daviem
Badges: 14
Rep:
?
#1
Report Thread starter 6 years ago
#1
Why does the 4s sub-level come before the 3d sub-level, but not the 3p sub-level? And if 4s comes before 3d, why is 3s not before 2p?
Thanks
0
reply
username913907
Badges: 10
Rep:
?
#2
Report 6 years ago
#2
(Original post by daviem)
Why does the 4s sub-level come before the 3d sub-level, but not the 3p sub-level? And if 4s comes before 3d, why is 3s not before 2p?
Thanks
Short answer... Shielding.

Long answer ... What level you at? Not gonna waste time if you're not uni level
0
reply
zacharyuk
Badges: 0
Rep:
?
#3
Report 6 years ago
#3
From what I understand, the higher the principle quantum number (shell number), the higher the energy level of that shell. Within these, the different sub shells have varied energy levels, with s being the lowest, p being slightly higher and so on.

There is a gap between the most energised sub shell within the first shell (1s) and the least energised within the second shell (2s). Same thing between the second and third shells; 2p is of a lower energy value than 3s so it is filled first.

However, as the third shell is nearly filled, the energy level of 3d is so high that for some reason the energy level of 4s is lower, and so they overlap and 4s is filled first. I'm guessing it has something to do with how large the atomic radius in a d shell is and that the 4s is so much smaller, but I could be mistaken.

So basically you just have to memorise that 4s is usually filled before 3d - however there is, of course, an exception to this exception, in the cases of chromium and copper where 4s is only has one electron rather than two so that the 3d sub shell may be more stable.

Something else to remember is that the energy level of the sub shells changes once they become full, such that once they are full 4s actually is of higher energy level than 3d and so it loses its electrons first. Fe has the configuration 2,8,14,2 in order of shells, however Fe2+ has the configuration 2,8,14 - the 3d sub shell has some electrons in even though 4s does not.

I think all of the above is roughly correct and I hope it helps, but if I've gone wrong somewhere, someone please let me know!
0
reply
Pigster
Badges: 20
Rep:
?
#4
Report 6 years ago
#4
In the case of d-block elements, the d subshell (partly) fills before the s subshell, but when e- are added to the a d orbital it raises the energy level of all d orbitals, eventually making them higher in energy than the s subshell, so they start to fill.

In the case of Cr, 4 e- go into the d subshell before the d subshell is raised above the s subshell, so the 5th e- goes into the s subshell.
0
reply
Infraspecies
Badges: 16
Rep:
?
#5
Report 6 years ago
#5
(Original post by Pigster)
In the case of d-block elements, the d subshell (partly) fills before the s subshell, but when e- are added to the a d orbital it raises the energy level of all d orbitals, eventually making them higher in energy than the s subshell, so they start to fill.

In the case of Cr, 4 e- go into the d subshell before the d subshell is raised above the s subshell, so the 5th e- goes into the s subshell.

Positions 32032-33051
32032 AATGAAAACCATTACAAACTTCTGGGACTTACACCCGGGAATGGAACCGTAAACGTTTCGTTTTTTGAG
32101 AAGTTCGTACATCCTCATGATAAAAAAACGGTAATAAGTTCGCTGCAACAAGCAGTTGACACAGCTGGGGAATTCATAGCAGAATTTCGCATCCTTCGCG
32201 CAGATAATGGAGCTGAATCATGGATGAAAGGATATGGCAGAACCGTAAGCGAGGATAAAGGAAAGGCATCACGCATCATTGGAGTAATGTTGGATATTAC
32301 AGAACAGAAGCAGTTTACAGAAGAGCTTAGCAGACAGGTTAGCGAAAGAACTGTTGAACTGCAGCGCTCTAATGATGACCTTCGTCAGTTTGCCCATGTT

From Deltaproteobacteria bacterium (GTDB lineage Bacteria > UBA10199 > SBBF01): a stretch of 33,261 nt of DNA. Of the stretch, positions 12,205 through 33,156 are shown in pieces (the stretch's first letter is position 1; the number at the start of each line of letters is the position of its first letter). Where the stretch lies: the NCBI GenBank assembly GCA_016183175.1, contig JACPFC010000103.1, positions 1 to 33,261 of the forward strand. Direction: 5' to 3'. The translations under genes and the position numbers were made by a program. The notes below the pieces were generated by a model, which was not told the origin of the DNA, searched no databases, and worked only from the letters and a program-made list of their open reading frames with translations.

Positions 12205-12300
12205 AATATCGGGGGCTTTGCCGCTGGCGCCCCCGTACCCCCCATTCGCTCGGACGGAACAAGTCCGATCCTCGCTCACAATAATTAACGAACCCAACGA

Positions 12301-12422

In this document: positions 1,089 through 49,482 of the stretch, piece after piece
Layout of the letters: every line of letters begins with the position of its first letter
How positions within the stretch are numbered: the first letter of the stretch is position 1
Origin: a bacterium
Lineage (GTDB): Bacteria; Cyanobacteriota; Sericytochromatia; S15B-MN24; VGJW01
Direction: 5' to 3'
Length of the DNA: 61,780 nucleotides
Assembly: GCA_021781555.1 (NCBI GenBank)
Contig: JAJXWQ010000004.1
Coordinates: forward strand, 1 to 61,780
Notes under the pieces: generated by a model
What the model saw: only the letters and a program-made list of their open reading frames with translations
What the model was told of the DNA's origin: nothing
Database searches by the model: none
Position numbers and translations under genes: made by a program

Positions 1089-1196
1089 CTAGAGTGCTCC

No.
Orbital energy is never a function of occupancy.
0
reply
Infraspecies
Badges: 16
Rep:
?
#6
Report 6 years ago
#6
(Original post by zacharyuk)
Something else to remember is that the energy level of the sub shells changes once they become full, such that once they are full 4s actually is of higher energy level than 3d and so it loses its electrons first. Fe has the configuration 2,8,14,2 in order of shells, however Fe2+ has the configuration 2,8,14 - the 3d sub shell has some electrons in even though 4s does not.

I think all of the above is roughly correct and I hope it helps, but if I've gone wrong somewhere, someone please let me know!
You were doing well until here, and I guess that this is an -acceptable- explanation for A-Level (by which I mean it isn't correct but it could be worse).

However.
The energy of a subshell is not a function of its occupancy. In this case, it is a function of the atomic number. 4s is filled before 3d in potassium and calcium because, for Z=19 or 20, 4s is lower energy than 3d.
For iron, however, at Z=26, 3d is now lower in energy than 4s, hence 4s empties first.
I know; it's unlikely to have an element where you would have such atomic numbers without total occupancy of 4s, so you may ask how your explanation is different. However; your explanation doesn't take into account the partial occupancy in chromium and copper, nor is it consistent with quantum mechanical approaches that determine energies of orbital wave functions.

So, orbital energies are not a function of occupancy, but of atomic number (among other things-but this is the important one to demonstrate the trend).
0
reply
username913907
Badges: 10
Rep:
?
#7
Report 6 years ago
#7
Am I gonna have to write out the long answer? I said it was shielding and everyone else has written all sorts of wacko occupancy stuff!!!
0
reply
daviem
Badges: 14
Rep:
?
#8
Report Thread starter 6 years ago
#8
(Original post by JMaydom)
Short answer... Shielding.

Long answer ... What level you at? Not gonna waste time if you're not uni level
AS level
0
reply
daviem
Badges: 14
Rep:
?
#9
Report Thread starter 6 years ago
#9
(Original post by zacharyuk)
From what I understand, the higher the principle quantum number (shell number), the higher the energy level of that shell. Within these, the different sub shells have varied energy levels, with s being the lowest, p being slightly higher and so on.

There is a gap between the most energised sub shell within the first shell (1s) and the least energised within the second shell (2s). Same thing between the second and third shells; 2p is of a lower energy value than 3s so it is filled first.

However, as the third shell is nearly filled, the energy level of 3d is so high that for some reason the energy level of 4s is lower, and so they overlap and 4s is filled first. I'm guessing it has something to do with how large the atomic radius in a d shell is and that the 4s is so much smaller, but I could be mistaken.